Ambassador Malac redefines the rules
Can someone be defined by their hair? Possibly, in the case of U.S ambassador to Uganda, Deborah Malac. As President Yoweri Museveni discovered recently at his most recent swearing-in ceremony, Malac can be as edgy, unconventional, and anti-establishment as her low cut punky blonde head.
On May 12, Malac and the U.S Principal Deputy Secretary of State for African Affairs, Bruce Wharton, joined their European Union and Canadian delegations in an unprecedented walk-out from the ceremony. It was the second time since her arrival in Uganda in February that Malac was aggressively wading into Uganda’s politics and directly in Museveni’s face.
The next day, however, the duo spoke to journalists in tones that were surprisingly relatively mild.
“The United States values its relationship with Uganda,” Wharton stated and the interpretation of any looking at the walk-out as an indication of sharp exchanges ahead quickly subsided.
The government Deputy Spokesperson Col. (Rtd) Shaban Bantariza immediately told The Independent that “the back and forth is standard practice between nations”.
“You saw after the walk out, he (Wharton) called a press conference and said we are still friends and he cherished the cooperation between the two nations. When you look at that after the walk out, is that really an expression of hostility?” he asked.
By the time Wharton was talking of how Uganda and the U.S. “cooperate closely on a number of important issues, and together we have accomplished a great deal in the areas of health, education, and security – areas that directly benefit the well-being of Ugandans across the country”, it was back to business as usual.
So what was the walk-out about?
Ambassador Malac refused to answer this question directly when asked by The Independent a few days after the incident.
But Christopher J. Brown, the spokesperson of the U.S. embassy in Kampala, repeated the explanation offered earlier by Wharton.
He said: “The U.S. delegation made the decision to walk out of the swearing in ceremony for two reasons. The first was the presence at the event of President Bashir, who has outstanding warrants against him from the ICC for genocide and other atrocities in Darfur. The second reason was President Museveni’s disparaging comments against the ICC, which were truly unfortunate given Uganda’s obligations as a signatory to the Statue of Rome.
“Our decision to depart was meant to signal our strong disagreement with both President Bashir’s presence and President Museveni’s comments.”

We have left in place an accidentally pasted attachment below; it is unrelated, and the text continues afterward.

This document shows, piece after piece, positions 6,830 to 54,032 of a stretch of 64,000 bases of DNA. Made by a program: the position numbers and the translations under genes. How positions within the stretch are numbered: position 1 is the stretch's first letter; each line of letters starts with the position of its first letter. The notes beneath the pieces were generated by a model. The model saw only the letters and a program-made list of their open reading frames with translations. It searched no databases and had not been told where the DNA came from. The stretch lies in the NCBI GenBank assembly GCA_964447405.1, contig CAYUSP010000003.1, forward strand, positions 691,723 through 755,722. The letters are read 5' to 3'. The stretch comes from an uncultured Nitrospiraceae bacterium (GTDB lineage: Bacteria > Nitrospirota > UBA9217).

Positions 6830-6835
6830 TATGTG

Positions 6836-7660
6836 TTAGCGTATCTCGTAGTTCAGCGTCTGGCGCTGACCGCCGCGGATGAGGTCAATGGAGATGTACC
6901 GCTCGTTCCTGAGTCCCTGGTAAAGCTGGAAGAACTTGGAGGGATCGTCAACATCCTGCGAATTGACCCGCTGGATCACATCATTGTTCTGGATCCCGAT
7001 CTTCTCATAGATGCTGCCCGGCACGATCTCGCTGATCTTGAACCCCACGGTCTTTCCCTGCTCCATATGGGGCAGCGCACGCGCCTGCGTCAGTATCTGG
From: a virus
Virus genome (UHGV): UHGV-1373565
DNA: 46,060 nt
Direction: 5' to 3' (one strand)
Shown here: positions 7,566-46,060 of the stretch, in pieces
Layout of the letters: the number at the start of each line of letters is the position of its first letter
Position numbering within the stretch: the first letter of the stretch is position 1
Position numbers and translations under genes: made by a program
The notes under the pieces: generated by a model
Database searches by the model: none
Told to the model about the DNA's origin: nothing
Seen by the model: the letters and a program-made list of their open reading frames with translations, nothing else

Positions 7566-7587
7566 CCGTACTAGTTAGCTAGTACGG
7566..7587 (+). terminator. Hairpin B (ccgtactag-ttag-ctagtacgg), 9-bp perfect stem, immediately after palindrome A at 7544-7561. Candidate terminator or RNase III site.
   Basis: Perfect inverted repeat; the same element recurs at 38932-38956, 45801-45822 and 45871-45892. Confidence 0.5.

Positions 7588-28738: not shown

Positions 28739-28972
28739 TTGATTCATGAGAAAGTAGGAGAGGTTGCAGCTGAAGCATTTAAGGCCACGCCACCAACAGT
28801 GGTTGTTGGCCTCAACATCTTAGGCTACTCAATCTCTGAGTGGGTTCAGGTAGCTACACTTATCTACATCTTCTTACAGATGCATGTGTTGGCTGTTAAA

Brown too concluded: “I will emphasize, however, that despite these disagreements, the United States wants to maintain a relationship with Uganda”.
Back-door deals crash
The Independent has learnt, however, that although the Western diplomats could not have predicted President Museveni’s “disparaging comments”, they arrived at the Kololo ceremony after carefully mulling over how to deal with Bashir’s presence.
Highly placed sources in the Uganda government, speaking on condition of anonymity, have told TheIndependent that there had been discussions between the Ugandan government and the diplomatic community on how the issue of Bashir’s presence would be handled.
Apparently, it had been agreed in negotiations that the diplomatic community would not interface with Bashir at all. The diplomats would find a way to leave the venue without attracting attention.
However, when President Museveni made the statements against the ICC, it appears the diplomats saw it as some sort of breach of agreement. Museveni used the same occasion to praise Chinese and Russian delegates as “genuine friends, who are respectful of Uganda unlike the Americans”. He berated the Americans for unwarranted interference. Although he interspersed his criticism of the Americans in local dialects, he nonetheless made his point.
Ambassador James Mugume, the Permanent Secretary, Foreign Affairs told The Independent, however, that there are many in Washington who feel that the walkout was uncalled for.
He also pushed a line that appears to have been crafted by the Museveni government as a way of swinging the spot-light off Uganda by framing the walk-out as an “insult to Africa”.
“This had not much to do with Uganda— US relations but rather Africa and US’s desire to control it,” Mugume said, “As you are aware, the position of Africa on the ICC is not any different from what President Museveni made clear. Several African countries have said they will leave the ICC.”
So, Mugume added, the walkout is not seen as against Uganda but against Africa as a whole and many find it strange given that America had given a green light to sign the statute under Clinton (Bill Clinton) and then pulled out.